Brexit exposes vulnerability of citizenship rights for Irish abroad

After Brexit, will Irish in Britain lose ability to vote in European elections?

‘Irish legislators need to recognise that an integral part of citizenship is the right to vote and have representation in their home country.’ 
Photograph: Bryan O’Brien / The Irish Times

‘Irish legislators need to recognise that an integral part of citizenship is the right to vote and have representation in their home country.’ Photograph: Bryan O’Brien / The Irish Times

 

As an Irish citizen living in London I was pleased that the British Labour Party changed its policy on Brexit, to support the UK staying in the EU customs union and the single market.

Unlike some of the Irish in Britain who shared their views with Irish Times Abroad recently, Brexit hasn’t forced me to change my plans for my future in the UK. I have enjoyed a good career here and contributed to this community. I have worked hard to give my children a good childhood here.

With my son studying physics at Oxford and my daughter just about to start anthropology at Exeter University this year, I am in no position to pack it in now. In fact, I campaigned with the pro-EU group Irish4Europe in the UK during the referendum campaign and supported the Liberal Democrats in the general election because of their pro-EU stance.

The EU referendum result last June surprised and shocked me deeply. The expletives rolled out that morning as I lay on my bed with my wife, who is German. As (non-British) European citizens we were left wondering what the future held for us. We are a quintessential European family living in London. In a sense, we are the product of the post-war, open and peaceful Europe.

Likewise, our bilingual children and their school friends couldn’t understand why anyone would want to “leave Europe”. Their childhood experiences in the UK, Ireland and Germany shaped their young lives as they moved freely between all three countries over the years. With advances in transport, Europe has become much smaller; it’s as easy as travelling between Wexford, Dublin and Galway. As parents, we have to constantly reassure them about their future.

We are very comfortable with our European identity. My Irish European identity is typical of many Irish living in Ireland today. Many of us feel part of Europe, and with that comes certain EU citizen rights, such as anti-discrimination rights, freedom of movement, social security and healthcare rights, and voting rights in European elections.

I have watched the reaction of the 900,000 British citizens living in Spain who benefit from their EU citizen rights on healthcare and pensions. Their rights to healthcare in Spain are threatened by Brexit as they would no longer have the protections as EU citizens. However, as “British expats”, many had the right to vote in their Brexit referendum under the UK 15-year rule for citizens voting from overseas.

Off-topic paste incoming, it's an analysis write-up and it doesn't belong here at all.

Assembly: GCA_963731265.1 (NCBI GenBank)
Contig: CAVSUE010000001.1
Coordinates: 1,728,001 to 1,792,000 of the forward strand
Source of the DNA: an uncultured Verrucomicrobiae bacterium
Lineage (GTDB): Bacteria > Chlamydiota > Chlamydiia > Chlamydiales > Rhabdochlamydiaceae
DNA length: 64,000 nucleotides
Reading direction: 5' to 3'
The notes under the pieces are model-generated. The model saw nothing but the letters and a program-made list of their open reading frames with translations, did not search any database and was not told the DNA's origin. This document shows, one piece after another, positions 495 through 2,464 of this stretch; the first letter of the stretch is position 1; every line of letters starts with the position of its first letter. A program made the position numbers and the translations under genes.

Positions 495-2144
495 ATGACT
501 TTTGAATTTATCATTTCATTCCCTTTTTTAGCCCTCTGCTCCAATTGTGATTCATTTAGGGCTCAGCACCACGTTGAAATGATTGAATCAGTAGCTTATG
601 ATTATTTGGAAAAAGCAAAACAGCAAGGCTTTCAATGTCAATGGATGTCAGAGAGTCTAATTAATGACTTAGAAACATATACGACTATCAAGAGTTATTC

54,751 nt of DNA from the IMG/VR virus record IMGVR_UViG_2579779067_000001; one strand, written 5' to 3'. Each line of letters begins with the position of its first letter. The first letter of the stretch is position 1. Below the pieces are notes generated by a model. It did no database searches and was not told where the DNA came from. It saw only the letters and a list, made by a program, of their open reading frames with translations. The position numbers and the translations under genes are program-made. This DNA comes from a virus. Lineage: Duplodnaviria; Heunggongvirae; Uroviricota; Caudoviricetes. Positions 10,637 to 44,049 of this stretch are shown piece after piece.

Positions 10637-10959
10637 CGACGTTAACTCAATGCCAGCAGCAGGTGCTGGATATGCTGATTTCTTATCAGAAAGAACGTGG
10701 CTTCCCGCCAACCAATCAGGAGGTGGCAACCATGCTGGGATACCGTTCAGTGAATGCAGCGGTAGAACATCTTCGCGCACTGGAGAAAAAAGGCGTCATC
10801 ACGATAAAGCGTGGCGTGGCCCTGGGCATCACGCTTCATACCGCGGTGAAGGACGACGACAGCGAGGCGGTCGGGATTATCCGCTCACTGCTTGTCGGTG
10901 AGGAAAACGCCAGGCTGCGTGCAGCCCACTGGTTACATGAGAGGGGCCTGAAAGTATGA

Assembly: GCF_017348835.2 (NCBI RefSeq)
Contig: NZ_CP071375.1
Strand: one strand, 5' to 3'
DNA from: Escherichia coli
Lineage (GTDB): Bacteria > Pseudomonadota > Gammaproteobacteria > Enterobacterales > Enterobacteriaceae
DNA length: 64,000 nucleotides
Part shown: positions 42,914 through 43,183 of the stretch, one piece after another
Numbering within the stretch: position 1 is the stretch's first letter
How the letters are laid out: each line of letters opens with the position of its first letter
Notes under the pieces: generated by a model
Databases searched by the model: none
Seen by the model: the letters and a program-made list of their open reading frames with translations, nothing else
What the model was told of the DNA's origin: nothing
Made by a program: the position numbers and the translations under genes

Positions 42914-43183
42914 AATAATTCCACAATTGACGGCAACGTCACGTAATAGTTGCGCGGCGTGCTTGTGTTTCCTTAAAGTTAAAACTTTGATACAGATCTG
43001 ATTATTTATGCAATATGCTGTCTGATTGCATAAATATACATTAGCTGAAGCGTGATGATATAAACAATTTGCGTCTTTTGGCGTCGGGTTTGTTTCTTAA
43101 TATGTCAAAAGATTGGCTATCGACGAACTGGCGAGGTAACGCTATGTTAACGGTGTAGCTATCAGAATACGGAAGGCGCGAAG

British citizens who left the UK more than 15 years ago were furious they could not vote on such an important issue which had a direct impact on their rights as both British and EU citizens. If Ireland had an “Irexit” referendum today, very few Irish people living in Spain for example would have voting rights at all on this important issue, because Ireland is one of only four EU countries that does not allow its citizens living overseas a vote.

The disenfranchisement of Irish emigrants is, in my view, highly inequitable and antiquated. Brexit has highlighted the vulnerability and weakness of Irish citizenship for Irish people living overseas. In October 2016, after the referendum, the UK government recognised the importance of voting rights for overseas citizens by issuing a policy paper on its pledge to give “votes for life” to all emigrants for parliamentary elections and referendums.

The disenfranchisement of Irish emigrants also means that hundreds of thousands of Irish-born people living in the UK will not be able to exercise their democratic right to vote in European elections after Brexit. They cannot vote online or by post to Ireland, and won’t be able to cast a ballot in Britain either.

I will lose this right post Brexit, and my wife will also lose her right to vote in both local and European elections in the UK as a European citizen. Recognising this, Dublin MEP Brian Hayes recently called for Irish legislation to be changed to allow the Irish in Britain to vote in European elections in Ireland.I believe Irish legislators should go further than this and recognise that an integral part of citizenship is the right to vote and have representation in their home country, a right provided by most developed countries, even if living abroad.

I attended this year’s Global Irish Civic Forum in May at Dublin Castle. At that forum, Simon Coveney questioned how overseas citizens can show a “connection” to the country. I would turn this on its head and say, it is the Republic that grants citizenship and its associated rights.

The question should also be: How can the Republic recognise and protect overseas citizens’ rights?

Conrad Bryan is treasurer of Irish in Britain (irishinbritain.org), which is funded primarily by the Irish Government. He has lived in London since 1989, where he works in finance.

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